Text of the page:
My take is a little different. MT was a party to the suit, and its interests were affected by Judge Molloy’s ruling. If the interests of some of these other groups, who were also involved in the suit, or who were aligned with interests of those parties why should they not be allowed to meet to discuss next steps, without inviting those on the other side of the issue? Geez.

    And, on the other hand, when Jerry Black raised the issue on this forum a few days back, my inclination was to say if MT didn’t follow the “rules” on open meetings, whatever those are in MT, then keep them honest.

    But to be fair, just why would MT want to specifically invite environmental groups that had just defeated their interests in court to a “brainstorming” session, on what next steps to take? That part makes no sense to me at all.

    • Brian Ertz Says:

      the state of Montana is not a private interest – it’s interests are public.

      that being the case, there are public processes and principles which promote and ensure trust responsibilities, which include mechanisms that promote access and transparency to a variety of private interests.

      the state of Montana can’t just take a certain position in court, then expect to be principally (let alone legally) immune to open access/transparency principles or subject to privacy protections that individual private interests may enjoy.

      that’s bullshit

      • WM Says:

        So Brian,

        Are you saying that a state, or any other public entity, should air all of its legal strategy sessions in a public forum in the presence of adverse parties?

      • JimT Says:

        This wasn’t legal strategy; this was a purely political power gathering of like minded interest groups to see how they could develop a strategy for killing more wolves, and getting support for doing it, WM. Try another route.

      • JimT Says:

        Exactly right, Brian. Legally, the status of Montana being a government places upon it extensive responsibilities to conduct its business in a transparent fashion, more than private entities are subject to. WM knows this; he talks like a lawyer. He is just being difficult…;*)

      • WM Says:

        I am just trying to understand where the boundaries are for a state (public entity) to hold meetings to discuss “policy” or next steps in a “legal” matter. It appears there was ambiguity in the purpose of the meeting, how it was noticed, who was intivited/should be there and, from Jerry’s perspective, whether it complied with MT “open meeting” laws.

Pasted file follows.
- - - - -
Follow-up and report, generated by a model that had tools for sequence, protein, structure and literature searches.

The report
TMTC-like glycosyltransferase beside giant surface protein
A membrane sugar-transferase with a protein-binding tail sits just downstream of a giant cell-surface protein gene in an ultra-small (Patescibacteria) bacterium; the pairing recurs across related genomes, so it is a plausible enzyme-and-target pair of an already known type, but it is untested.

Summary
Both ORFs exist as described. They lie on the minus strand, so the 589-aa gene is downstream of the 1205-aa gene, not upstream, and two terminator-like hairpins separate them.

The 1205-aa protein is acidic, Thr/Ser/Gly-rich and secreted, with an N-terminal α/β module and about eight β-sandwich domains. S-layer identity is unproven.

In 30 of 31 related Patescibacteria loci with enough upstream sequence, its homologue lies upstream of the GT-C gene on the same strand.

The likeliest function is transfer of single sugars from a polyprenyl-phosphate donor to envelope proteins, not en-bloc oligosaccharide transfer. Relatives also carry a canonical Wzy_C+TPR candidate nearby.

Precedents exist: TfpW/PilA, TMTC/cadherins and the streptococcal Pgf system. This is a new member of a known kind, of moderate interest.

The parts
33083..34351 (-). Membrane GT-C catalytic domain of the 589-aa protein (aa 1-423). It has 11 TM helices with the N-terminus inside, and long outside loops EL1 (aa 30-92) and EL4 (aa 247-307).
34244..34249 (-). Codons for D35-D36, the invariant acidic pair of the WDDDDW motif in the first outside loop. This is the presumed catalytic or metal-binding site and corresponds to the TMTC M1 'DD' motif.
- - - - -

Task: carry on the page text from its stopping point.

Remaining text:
I grant the idea of governemnt transparancy is very important, but I certainly don’t know where the line needs to be drawn for addressing next steps and “public involvement” with like minds or opposing interests. Seems there might be some gray area here. I simply don’t know.

        Those were my points, and as I said, if MT wasn’t playing by the rules, whatever they are, a challenge might be in order.

  7. Rita K.Sharpe Says:

    Why can’t everyone go to the meetings that lives there? I think everyone should have been given adequate time to attend.Everyone should have had the chance to attend;environmental groups or not.

  8. jon Says:

    What the anti wolfers don’t understand or want to accept is that wolves are apart of their wildlife, but they are treated as vermin instead.

  9. Virginia Says:

    Brian and JimT – you nailed it – the people are the states – citizens and taxpayers. States and other entities sometimes forget that we all are affected by their decisions. Power can corrupt and is a heady thing – and some do let it go to their heads. The federal government at this time is trying to keep state secrets from being divulged – we cannot allow these powers to destroy our rights as citizens.

    • WM Says:

      Virginia,

      I am curious. Do you consider yourself, first, to be a citizen of the state in which you live, or a citizen of the United States, and why?

      • Elk275 Says:

        We are residents of the state that we live in and citizens of the United States. But I am like Robert E. Lee, I will never draw my sword against my native Montana.

      • Alan Says:

        What a great question WM! If someone were to ask me that question I would say that I am a citizen of The United States first. Why? Because states are just invisible lines drawn on a map; The United States is an idea, one that had never been tried before, that all men are created equal. An idea of freedom and self-government; an idea that allows us to voice our opinions openly, as on this blog. An idea that says that we have a right to disagree with our elected officials, knowing the we elected them and we have the power to remove them.
        “We the People of the United States, in Order to form a more perfect Union, establish Justice, insure domestic Tranquility, provide for the common defence, promote the general Welfare, and secure the Blessings of Liberty to ourselves and our Posterity, do ordain and establish this Constitution for the United States of America.” Have greater words ever been written?
        When I travel from state to state it goes mostly unnoticed, but when I travel outside of the United States you better believe I take notice!
        You and I may disagree about everything. We may disagree about wolves, wildlife management, guns, whether or not a mosque should or should not be built, etc. But we have a right to those beliefs, and to voice those beliefs, and to vote as we choose, not because we live in Montana or Wyoming or Idaho, but because we live in The United States of America. Too many people seem to forget that.

  10. Virginia Says:

    WM – both, because I am.

  11. STG Says:

    What about conflict of interest? Is the Montana FWP operating more like a advocacy group or lobbyist? Who or what interests are they suppose to represent as a public agency? What about transparency in government? What is their mission in terms of defined public policy?

  12. CaptainSakonna Says:

    Representative Denny Rehberg (Montana) now has a special place on his web site where people can leave comments about wolf management. Please let him know how you feel about Montana’s efforts to worm out of giving wolves their protection, especially if you are a Montana resident. http://rehberg.house.gov/index.cfm?sectionid=92&sectiontree=2%2C92